Iran's tough nuclear stance causes domestic jitters
The uncompromising stance of Iran's new hardline authorities in a stand-off over Islamic republic's nuclear programme is worrying some Iranian officials and leading to overt criticism.
The issue is not whether or not the country should hang on to its nuclear programme, but more on how the regime should go about it. READ MORE
Since the presidential election victory of hardliner Mahmoud Ahmadinejad in June and the appointment of ultra-conservative Ali Larijani as top negotiator, the crisis has taken a turn for the worse.
Iran has slammed the door on proposals from Britain, France and Germany that it abandon fuel cycle technology in return for incentives, and decided to resume uranium conversion work in defiance of a suspension agreement with the EU-3.
The country now finds itself on the verge of being hauled before the UN Security Council -- something that the previous and more moderate Iranian negotiating team led by Hassan Rowhani had managed to avoid for two years.
The first to speak out was defeated presidential contender Akbar Hashemi Rafsanjani, who on Friday appealed to hardliners to exercise restraint -- notably when it came to their increasingly violent rhetoric.
"It is about diplomacy rather than slogans," the still-powerful cleric said in a sermon last week. "It is about being reasonable, negotiating and being diplomatically active."
"All methods of leverage should be used, but reasonably and with patience and wisdom (and) without provocation and slogans that give pretexts to the enemies," reminding Iranians that the stakes are "very serious".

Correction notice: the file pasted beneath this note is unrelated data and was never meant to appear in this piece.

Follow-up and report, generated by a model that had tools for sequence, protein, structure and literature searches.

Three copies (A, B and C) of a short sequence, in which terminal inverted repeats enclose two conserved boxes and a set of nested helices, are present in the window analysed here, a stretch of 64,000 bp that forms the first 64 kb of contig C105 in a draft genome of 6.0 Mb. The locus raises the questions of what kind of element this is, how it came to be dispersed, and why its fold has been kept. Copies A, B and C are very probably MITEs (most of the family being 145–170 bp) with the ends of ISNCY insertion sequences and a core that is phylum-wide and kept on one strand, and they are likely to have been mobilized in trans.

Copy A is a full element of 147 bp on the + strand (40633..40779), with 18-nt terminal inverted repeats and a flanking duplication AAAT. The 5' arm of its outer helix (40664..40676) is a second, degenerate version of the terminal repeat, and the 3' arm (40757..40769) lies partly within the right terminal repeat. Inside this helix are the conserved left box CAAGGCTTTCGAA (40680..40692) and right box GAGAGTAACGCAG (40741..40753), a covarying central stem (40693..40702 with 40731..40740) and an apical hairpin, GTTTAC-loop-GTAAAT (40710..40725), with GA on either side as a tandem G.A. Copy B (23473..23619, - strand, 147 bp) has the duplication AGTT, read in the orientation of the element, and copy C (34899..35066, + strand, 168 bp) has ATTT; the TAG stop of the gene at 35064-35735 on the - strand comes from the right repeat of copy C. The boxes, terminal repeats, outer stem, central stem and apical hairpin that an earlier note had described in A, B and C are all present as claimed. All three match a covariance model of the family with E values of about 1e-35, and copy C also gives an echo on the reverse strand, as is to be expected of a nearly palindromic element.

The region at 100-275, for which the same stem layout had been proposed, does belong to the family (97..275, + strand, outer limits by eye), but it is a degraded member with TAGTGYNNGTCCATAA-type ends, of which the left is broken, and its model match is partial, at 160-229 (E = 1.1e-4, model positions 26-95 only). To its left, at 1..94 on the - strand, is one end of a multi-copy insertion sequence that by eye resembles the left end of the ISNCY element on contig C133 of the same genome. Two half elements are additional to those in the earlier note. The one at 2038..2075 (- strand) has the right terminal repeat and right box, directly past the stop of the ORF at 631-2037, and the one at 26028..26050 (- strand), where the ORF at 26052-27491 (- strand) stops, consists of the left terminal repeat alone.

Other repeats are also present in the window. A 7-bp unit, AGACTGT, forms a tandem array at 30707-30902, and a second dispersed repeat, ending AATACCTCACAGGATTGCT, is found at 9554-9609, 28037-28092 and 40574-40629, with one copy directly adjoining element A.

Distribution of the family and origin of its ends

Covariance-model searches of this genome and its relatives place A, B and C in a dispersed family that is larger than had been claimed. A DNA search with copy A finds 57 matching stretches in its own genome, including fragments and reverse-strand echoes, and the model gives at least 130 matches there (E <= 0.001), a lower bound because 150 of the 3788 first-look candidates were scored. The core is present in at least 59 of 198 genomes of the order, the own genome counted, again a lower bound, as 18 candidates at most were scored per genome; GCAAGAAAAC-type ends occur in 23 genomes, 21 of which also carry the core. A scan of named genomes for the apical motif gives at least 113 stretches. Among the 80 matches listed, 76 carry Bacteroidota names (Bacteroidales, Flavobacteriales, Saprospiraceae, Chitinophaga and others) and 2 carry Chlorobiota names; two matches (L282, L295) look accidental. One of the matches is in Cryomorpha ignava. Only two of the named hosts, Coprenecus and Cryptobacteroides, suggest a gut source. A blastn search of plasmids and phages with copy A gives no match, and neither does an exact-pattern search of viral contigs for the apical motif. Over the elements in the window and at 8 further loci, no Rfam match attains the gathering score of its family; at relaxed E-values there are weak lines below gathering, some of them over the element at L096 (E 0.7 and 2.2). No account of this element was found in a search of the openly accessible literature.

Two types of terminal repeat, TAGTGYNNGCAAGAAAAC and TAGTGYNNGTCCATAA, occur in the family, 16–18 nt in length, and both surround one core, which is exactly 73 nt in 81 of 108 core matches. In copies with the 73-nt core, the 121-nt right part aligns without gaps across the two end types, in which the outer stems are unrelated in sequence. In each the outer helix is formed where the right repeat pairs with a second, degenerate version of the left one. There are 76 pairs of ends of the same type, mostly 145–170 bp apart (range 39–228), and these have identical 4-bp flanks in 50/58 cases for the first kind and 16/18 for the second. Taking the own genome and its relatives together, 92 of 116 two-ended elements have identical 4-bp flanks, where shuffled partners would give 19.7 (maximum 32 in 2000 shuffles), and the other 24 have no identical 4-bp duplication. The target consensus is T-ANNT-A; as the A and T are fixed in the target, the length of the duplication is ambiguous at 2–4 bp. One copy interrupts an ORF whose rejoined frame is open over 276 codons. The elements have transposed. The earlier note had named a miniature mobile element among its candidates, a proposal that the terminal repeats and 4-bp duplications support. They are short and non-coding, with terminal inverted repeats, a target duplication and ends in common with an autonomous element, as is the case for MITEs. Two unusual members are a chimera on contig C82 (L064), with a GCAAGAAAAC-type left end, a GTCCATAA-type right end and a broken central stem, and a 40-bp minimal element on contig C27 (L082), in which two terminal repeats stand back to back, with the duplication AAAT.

Iran insists its nuclear programme is strictly peaceful, and argues it therefore has a "right" to conduct sensitive fuel cycle work. But uranium enrichment can be diverted to make weapons, and the United States and EU argue that the clerical regime cannot be trusted.
US President George W. Bush -- who has already lumped Iran into an "axis of evil" -- has refused to rule out using force, even if his military options against Iran may be limited for the time being.
Moreover, nuclear-armed Israel is unlikely to stand by and see the Iranian Islamic regime -- which calls for the Jewish state to be "wiped off the map" -- acquire atomic weapons.
On Tuesday moderate deputies in the Iranian parliament also warned of the economic consequences of international isolation and sanctions, complaining the new nuclear team "are failing to respect national interests in their statements."
In an open letter, the minority group said Iran was at a "sensitive stage" and noted the "free fall of the Tehran stock exchange" where nuclear jitters are hitting investor confidence.
"Sadly, the first action of the government was to change the nuclear negotiators and deprive itself of their experience and the trust they built up," Hassan Afarideh, a moderate MP, said in parliament.
"Certain officials and negotiators keep using threatening and intimidating language. It is clear we cannot reach a result through diplomacy with this kind of language," he said.
It was a clear shot at Larijani, who threatened to respond to last month's tough resolution passed by the UN's International Atomic Energy Agency (IAEA) by limiting inspections and resuming enrichment.
The resolution finds Iran in "non-compliance" with nuclear proliferation safeguards -- an automatic trigger for taking the matter to the Security Council.
Larijani even warned Iran could find itself forced to quit the nuclear Non-Proliferation Treaty (NPT), and vowed Iran will use "all means" to damage US interests if Washington steps up the pressure.
Former deputy foreign minister Mohsen Aminzadeh, who is close to ex-president Mohammad Khatami, said the IAEA's resolution was "loaded with consequence and there will be a number of problems for our foreign policy".
"The efforts of the previous negotiators to ensure that Iran is not treated as a criminal have been ruined".